Weeks has always had across-the-board talent, but he has been as injury-prone as a Brazilian soccer player on a phantom slide tackle. Amazingly, Weeks has appeared in 64 of the 65 games the Brewers have played this season, and with that he is well on pace for season of more than 20 homers, 70 RBI and about 100 runs scored. Alas, despite all that amazing good stuff, Weeks is hitting only .256, though that isn't a shock given his .248 career average. What is surprising is that he has a mere four steals on the year. Going back a bit further, to the start of last season, Weeks has just six thefts in his last 101 games, this after averaging 20 steals a year from 2005-08.

Straight up, I wouldn't do this move -- I would hold on to Weeks. However, if you don't have a middle infield position to fill, and if you have the best second basemen in baseball on your club already in Cano (he leads the position with a .368 average, .414 OBP and .609 SLG), I wouldn't think it a horrible play to drop Weeks to add Alvarez and his potential at the hot corner.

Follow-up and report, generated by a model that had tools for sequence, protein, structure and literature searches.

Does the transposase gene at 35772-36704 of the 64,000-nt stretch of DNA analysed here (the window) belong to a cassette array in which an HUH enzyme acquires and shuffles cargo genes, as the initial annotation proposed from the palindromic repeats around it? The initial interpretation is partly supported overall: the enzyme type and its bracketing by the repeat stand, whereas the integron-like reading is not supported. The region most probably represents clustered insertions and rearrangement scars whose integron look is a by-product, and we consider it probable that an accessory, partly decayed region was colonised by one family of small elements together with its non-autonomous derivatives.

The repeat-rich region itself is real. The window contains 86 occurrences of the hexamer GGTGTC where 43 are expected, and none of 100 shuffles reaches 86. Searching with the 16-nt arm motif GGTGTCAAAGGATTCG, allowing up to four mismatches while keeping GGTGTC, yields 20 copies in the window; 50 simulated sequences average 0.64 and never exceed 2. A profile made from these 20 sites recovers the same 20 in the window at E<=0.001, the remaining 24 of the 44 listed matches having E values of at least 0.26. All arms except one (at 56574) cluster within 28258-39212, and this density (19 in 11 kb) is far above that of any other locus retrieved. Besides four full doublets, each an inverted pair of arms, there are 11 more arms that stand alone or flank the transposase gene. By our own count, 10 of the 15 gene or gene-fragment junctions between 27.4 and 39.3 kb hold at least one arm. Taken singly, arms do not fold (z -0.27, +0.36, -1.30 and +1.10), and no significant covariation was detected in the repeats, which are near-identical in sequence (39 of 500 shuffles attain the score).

Should I give up Stephen Strasburg for Matt Holliday?-- Frankie, New York

This type of situation arises every time a youngster bursts on the scene. If you had been proposed this trade on April 16 you would have laughed it off as hilariously stupid. Flash forward two months, and Holliday is struggling, Strasburg has had two great starts, and suddenly no one is laughing at this offer.